So how does this compare with 2011? Well, there were only 13 captains of Test sides in 2011, and the results are different in many ways.  Misbah is the leading run scorer with 765 runs and one century, but the leader in terms of number on tons is the same as in 2012.  Yes, its Michael Clarke.  Though "only" managing 618 runs at an average of 38.62, he did score three Test centuries.  The owner of the best average in 2011 was, in a reversal of 2012, Brendan Taylor of Zimbabwe, with his 358 runs coming at a lick of 71.60 (2 hundreds).  The nations without a captain reaching three figures in 2011 are West Indies (Sammy, 325 runs @ 18.05) New Zealand (Ross Taylor, 228 @ 38) Bangladesh (Al Hasan and Rahim contributing a top score of 69 between them) and interestingly, the side that ended the year ranked number one in the world, England (Andrew Strauss 316 runs @ 28.72)

It would seem to be a good time to lead your side in Test cricket, if you enjoy batting.  The only team over these two years without a century from a captain are Bangladesh, and this is hardly the only problem this team has at present.  I will be intrigued to sit here a year from now and see how kind 2013 was to the men who captain at the highest level of cricket, especially with one completed Ashes series and another around the corner.

Tuesday, 20 November 2012

The Hot Seats

Eleven weeks of the NFL season have now passed.  The weeks that have passed have painted their picture of the 2012 season, and has left a number of deep impressions upon the psyche of those that follow America's favourite game.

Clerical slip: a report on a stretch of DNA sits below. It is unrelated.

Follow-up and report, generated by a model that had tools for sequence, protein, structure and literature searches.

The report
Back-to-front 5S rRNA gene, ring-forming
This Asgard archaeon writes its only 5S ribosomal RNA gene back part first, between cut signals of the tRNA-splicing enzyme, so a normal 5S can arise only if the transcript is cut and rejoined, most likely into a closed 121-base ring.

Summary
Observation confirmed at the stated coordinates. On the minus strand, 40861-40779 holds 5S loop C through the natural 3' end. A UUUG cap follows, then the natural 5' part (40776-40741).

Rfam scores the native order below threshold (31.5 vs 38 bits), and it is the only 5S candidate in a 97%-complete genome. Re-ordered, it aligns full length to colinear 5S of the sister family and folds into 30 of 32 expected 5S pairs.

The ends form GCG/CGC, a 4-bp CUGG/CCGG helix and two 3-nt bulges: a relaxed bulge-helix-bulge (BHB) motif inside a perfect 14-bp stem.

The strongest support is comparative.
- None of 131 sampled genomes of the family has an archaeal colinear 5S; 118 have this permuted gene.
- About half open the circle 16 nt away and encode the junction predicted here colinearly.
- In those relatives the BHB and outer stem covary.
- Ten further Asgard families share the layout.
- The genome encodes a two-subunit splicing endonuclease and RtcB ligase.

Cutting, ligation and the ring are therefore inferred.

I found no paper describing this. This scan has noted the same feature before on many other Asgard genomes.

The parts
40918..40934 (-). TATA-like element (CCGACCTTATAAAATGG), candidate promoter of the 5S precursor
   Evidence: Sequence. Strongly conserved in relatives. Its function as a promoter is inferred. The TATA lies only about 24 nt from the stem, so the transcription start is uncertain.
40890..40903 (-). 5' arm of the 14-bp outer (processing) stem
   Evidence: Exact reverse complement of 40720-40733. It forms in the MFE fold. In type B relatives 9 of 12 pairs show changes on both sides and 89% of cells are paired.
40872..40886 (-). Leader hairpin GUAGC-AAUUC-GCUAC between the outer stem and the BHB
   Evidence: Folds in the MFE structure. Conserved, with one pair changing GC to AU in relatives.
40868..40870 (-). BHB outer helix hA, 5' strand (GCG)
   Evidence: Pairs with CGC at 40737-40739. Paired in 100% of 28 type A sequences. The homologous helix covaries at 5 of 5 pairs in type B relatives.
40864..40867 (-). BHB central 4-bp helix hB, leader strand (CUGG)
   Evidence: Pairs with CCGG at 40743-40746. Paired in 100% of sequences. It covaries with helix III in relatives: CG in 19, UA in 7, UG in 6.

Of the 32 franchises, I take a look at those teams that I believe will part company with their head coach at the end of the season, as well as casting a slight glance upon those teams whose coaches seat may not be boiling, but its certainly a bit warm.

San Diego Chargers - Head Coach Norv Turner.  Record with Team - 53 wins 37 losses (as of November 19th)
This talented team has continually disappointed under the reign of Turner and GM AJ Smith.  It was a shock to virtually the free footballing world that Turner and Smith were kept on after the 2011 season.  With a record currently reading 4-6, it would be shocking if the Chargers owners repeated their generosity again.

Cleveland Browns - Head Coach Pat Shurmur.  Record 6-20
The Browns have new owners, and despite them remaining "competitive" in many of their games this season, the facts are that they have lost 8 games, and new owners generally want to bring "their" guys in with them.  There are some building blocks in place in Cleveland, but the franchise has known nothing since defeat since their rebirth in 1999.